SBS 301 Cultural Diversity/Prof. Koptiuch         Fall 2015       Personal Memory Ethnographies

Miriam Mendez

Hidden Borders for the Unmodel Minority

imageAs I looked through the history of Latinos in the educational system I noticed that several incidents which occurred that relate to what other Mexican-Americans have faced in academia. Segregation, mistreatment and discrimination is nothing new to Latinos. Unfortunately most Chicanos do not see the hidden biases in the system, not until similar experiences are heard or movements are created. It is not until then that similar issues are exposed and connections are made of our memories.

Milpitas is the Mexican Spanish word for little cornfield which is the name of the town I grew up in. Many locals, especially Chicanos, know it as “Milpas”. Although I was born in San Jose and later moved to South Phoenix, Milpitas was my home. It is located in the Bay Area and borders Fremont and San Jose California. It’s diverse, a city filled with Hispanics, several thousands Mexicans, Asians, Caucasians, Pacific Islanders and African Americans. However, the area I had recently moved to had a large population of Mexicans and Filipinos.

Alexander Rose Elementary is the school I had recently moved to and attended. I was one of three Hispanic children in a second grade class filled with different ethnicities and races, most whom were Asian and Pacific Islanders. I was the best artist in the class and didn’t understand why the majority of my class had picked another classmate’s dinosaur drawing over mine in a close contest we held. Our class had been learning about dinosaurs and the second graders at school were all doing arts and crafts on them. Everyone drew a dinosaur, stuffed it and then painted it. The best looking project went on to our school’s assembly and then acknowledged and rewarded. At the time, the loss was disturbing and it was tough to understand why I lost. I thought it all had to do with race and alliances. There was more of them and less of me.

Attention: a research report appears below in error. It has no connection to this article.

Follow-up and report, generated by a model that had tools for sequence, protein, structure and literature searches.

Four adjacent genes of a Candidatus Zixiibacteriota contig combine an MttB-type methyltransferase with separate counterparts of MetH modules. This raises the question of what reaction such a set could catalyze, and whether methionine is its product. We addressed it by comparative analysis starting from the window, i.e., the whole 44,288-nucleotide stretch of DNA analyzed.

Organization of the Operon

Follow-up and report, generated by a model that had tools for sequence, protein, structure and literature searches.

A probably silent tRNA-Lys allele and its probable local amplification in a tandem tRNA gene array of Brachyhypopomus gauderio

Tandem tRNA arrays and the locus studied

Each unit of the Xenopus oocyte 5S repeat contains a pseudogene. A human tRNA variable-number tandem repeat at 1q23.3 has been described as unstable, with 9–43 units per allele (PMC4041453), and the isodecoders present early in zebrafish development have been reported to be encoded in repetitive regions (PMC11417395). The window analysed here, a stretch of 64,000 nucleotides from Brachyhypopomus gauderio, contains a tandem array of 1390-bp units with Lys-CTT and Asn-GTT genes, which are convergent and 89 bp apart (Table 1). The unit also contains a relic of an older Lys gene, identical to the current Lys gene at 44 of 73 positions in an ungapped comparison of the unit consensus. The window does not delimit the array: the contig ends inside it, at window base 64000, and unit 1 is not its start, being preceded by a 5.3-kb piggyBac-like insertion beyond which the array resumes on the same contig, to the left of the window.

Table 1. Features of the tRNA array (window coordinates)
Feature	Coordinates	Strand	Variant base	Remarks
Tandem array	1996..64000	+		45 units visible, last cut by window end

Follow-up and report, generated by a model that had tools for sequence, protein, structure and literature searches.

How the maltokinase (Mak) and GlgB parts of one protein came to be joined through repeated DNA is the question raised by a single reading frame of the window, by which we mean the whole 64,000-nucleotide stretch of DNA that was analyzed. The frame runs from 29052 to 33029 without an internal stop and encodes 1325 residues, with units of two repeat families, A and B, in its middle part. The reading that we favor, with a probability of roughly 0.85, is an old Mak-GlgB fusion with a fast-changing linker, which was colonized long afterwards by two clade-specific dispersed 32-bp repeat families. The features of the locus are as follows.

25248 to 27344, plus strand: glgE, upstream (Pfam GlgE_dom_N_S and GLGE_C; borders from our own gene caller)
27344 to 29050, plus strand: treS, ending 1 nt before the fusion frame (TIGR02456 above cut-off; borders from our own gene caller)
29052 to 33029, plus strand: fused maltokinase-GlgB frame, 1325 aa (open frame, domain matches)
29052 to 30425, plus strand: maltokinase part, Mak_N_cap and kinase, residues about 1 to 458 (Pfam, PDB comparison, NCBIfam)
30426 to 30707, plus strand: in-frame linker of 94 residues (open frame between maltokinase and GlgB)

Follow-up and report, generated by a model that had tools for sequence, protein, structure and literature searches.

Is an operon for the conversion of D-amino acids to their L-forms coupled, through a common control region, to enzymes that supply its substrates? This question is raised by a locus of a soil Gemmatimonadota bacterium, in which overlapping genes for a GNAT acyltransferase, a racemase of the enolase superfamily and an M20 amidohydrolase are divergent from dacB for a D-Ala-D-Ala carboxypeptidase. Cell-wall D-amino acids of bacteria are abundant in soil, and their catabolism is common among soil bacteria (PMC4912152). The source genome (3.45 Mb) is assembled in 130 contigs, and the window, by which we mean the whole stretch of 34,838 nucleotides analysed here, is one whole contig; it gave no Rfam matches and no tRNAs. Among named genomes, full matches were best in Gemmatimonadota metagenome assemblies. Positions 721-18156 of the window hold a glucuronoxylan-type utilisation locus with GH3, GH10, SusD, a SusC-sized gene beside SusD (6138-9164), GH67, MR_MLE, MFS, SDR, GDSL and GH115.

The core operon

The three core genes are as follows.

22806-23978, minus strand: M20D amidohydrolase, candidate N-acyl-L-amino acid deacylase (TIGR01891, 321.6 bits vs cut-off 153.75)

Ferdinand was the boy I lost the drawing contest to. He wasn’t a bad artist, however he had advantages that I didn’t. He also had a good relationship with our 2nd grade teacher Mr. Nugyen which I didn’t. I never liked our teacher even though he had a good relationship with most students. For one month we learned about dinosaurs and went to the San Francisco Museum to look at fossils. Everyone really enjoyed learning about dinosaurs because Jurassic Park was big back then. Ferdinand knew I was mad because he had a lot his friends and classmates vote for him, he told them to and they did. The incident that took place wasn’t more or less about losing a small dinosaur contest.

In retrospect, this incident became the first encounter of hidden discrimination I would face in the school system. After my drawing lost the contest I walked out of the class wanting to be in a class with similar kids like me; I didn’t want to be different. This was the first time I thought I was different. I felt as if I stood out even though one of my friends in class was Mexican. The difference was that he didn’t speak Spanish and I did. At home I spoke Spanish but during 2nd grade I couldn’t, not unless it was with someone outside of class. Of the three Hispanic students in our class I was also the only girl. These were differences that slowly became eye-opening. It was a border and separation of classes, genders, and minorities.